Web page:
In the 1990s, proponents of the low-fat diet craze insisted that dietary fat – particularly saturated fats – led to; obesity, coronary heart disease, cardiac arrhythmia, and several other medical complications.
By now, most people are aware that fats are an important macronutrient. We know that omega 3 fatty acids can actually reduce the risk of heart disease, improve cholesterol, and benefit people who have hardening of the arteries or high blood pressure. Some of us may even know that there are three types of fat – saturated fat, unsaturated fat, and polyunsaturated fat – and that we should aim for a balance of all three fats in our diet.
What many of us don’t know, however, is that not all fats are suitable for cooking at high temperatures and that we should vary our fats based on the foods we’re preparing.
Since the low-fat craze died down and people became more aware of the need for dietary fats, one oil became increasingly popular – olive oil. We see it in recipes for everything from broiled salmon to sauteed spinach. Although olive oil is a great addition to a person’s diet, there is one problem with some of these recipes – the oxidation of the oil at high heat.
The sciency bit:
Oil oxidation does not actually involve oxygen. It involves chemical reactions (removing an electron from an atom or molecule) that degrade the quality of an oil, producing a rancid odor and flavor. According to a USDA article regarding lipid oxidation, “Oxidation of unsaturated lipids [fats] not only produces offensive odors and flavors but can also decrease the nutritional quality and safety by the formation of secondary reaction products in foods after cooking or processing” (Frankel, 1980, p. 1).
What does oil oxidation actually do?
It creates “free radicals” that raise our risk of medical problems like heart attacks and cancer. Now, I don’t want make this sound like a doom and gloom “you’re going to die” type of article. The science behind this isn’t 100 percent consistent, and it is more likely that you would see harmful effects from cooking with vegetable oils or fish oils. But the bottom line is that free radicals are bad, and reducing your consumption of oxidized oils is probably a good thing.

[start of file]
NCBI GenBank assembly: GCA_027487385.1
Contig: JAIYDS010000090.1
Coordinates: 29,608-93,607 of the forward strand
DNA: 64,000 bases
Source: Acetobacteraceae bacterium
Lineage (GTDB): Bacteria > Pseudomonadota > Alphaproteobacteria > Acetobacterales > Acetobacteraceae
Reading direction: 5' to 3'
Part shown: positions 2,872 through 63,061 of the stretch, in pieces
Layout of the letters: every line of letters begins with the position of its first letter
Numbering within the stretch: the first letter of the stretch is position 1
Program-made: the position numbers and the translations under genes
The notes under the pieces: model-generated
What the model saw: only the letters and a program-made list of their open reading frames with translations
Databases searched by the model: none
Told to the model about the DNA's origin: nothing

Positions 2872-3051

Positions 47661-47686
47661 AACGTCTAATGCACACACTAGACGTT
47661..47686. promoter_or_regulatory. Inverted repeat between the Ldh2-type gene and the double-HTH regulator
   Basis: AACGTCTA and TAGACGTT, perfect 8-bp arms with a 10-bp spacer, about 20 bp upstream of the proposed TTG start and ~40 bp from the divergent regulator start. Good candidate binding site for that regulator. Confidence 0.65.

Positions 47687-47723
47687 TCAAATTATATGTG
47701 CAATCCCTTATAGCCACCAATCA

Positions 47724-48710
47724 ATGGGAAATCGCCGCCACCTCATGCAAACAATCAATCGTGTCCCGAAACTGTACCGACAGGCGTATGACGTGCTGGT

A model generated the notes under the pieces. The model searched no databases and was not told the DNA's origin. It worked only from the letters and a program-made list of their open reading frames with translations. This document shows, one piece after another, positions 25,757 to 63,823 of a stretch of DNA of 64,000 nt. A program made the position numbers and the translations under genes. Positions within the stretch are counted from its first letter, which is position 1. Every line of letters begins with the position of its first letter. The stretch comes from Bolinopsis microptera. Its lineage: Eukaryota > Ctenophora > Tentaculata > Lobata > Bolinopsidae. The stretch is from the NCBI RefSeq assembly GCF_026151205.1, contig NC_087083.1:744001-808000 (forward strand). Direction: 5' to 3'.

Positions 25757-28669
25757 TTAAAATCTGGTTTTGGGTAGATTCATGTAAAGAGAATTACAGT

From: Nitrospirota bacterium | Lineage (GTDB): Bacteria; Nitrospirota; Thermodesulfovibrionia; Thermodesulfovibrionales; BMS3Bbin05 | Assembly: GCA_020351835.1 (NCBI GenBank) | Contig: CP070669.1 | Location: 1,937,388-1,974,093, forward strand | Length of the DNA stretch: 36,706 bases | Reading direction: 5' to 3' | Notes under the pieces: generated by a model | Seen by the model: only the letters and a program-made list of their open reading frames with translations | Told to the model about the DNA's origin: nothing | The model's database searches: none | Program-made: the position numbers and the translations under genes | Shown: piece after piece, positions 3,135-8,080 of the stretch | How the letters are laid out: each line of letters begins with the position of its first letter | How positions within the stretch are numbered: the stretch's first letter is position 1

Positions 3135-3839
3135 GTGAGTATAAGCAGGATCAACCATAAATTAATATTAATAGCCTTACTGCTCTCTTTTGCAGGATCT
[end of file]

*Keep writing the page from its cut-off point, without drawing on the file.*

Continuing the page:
How can we determine which oils (fats) we should use for cooking?
Several measurements of oxidation exist including iodine absorption value (IV).
The number assigned to a particular oil represents the number of double reactive bonds – basically indicating that an oil with a high number has more double reactive bonds and requires more care to slow the process of oxidation. To give all of this chemistry some real-world application, let’s look at the IV of some popular oils.
According to the International Union of Pure and Applied Chemistry (1990), the iodine value of olive oil is about 80; whereas, the IV of coconut oil only is only about 10. This range extends even farther with sunflower oil coming in at about 130 and sardine oil at about 185.
So, what can you do to reduce oil oxidation?
Oxidation can be influenced by several factors including light exposure, oxygen exposure, and temperature.
- Store your oils in air tight containers (to prevent oxygen exposure), and if your olive oil came in a dark green or brown bottle, don’t transfer it into a clear container at home (light exposure).
- Consider cooking temperature when choosing your oils.
- For high heat, try saturated fats like coconut oil.
- For low heat recipes or salad dressings, use olive oil.
In addition, we can use antioxidants to help
So, think about oxidation of oils and consider that an herb like rosemary is considered an “antioxidant.” Cooking your meal with rosemary can slow oxidation of your cooking oils. Try roasting your chicken, sweet potatoes, and veggies. Use rosemary on the grill – shrimp kebabs, asparagus, and onions.
Want to know more about cooking with oils? Comment below!
Frankel, E.N. (1980). Lipid oxidation. Northern Regional Research Center, U.S. Department of Agriculture.
Volume 19, p. 1-22. Retrieved from: naldc.nal.usda.gov/download/25421/PDF
Pocklington, W.D. (1990). Determination of the iodine value of oils and fats. International Union of Pure
and Applied Chemistry. Vol. 62, No. 12, p. 2339-2343. United Kingdom.
Image retrieved February 7, 2016 from http://www.glutenfreeclub.com/cooking-coconut-oil/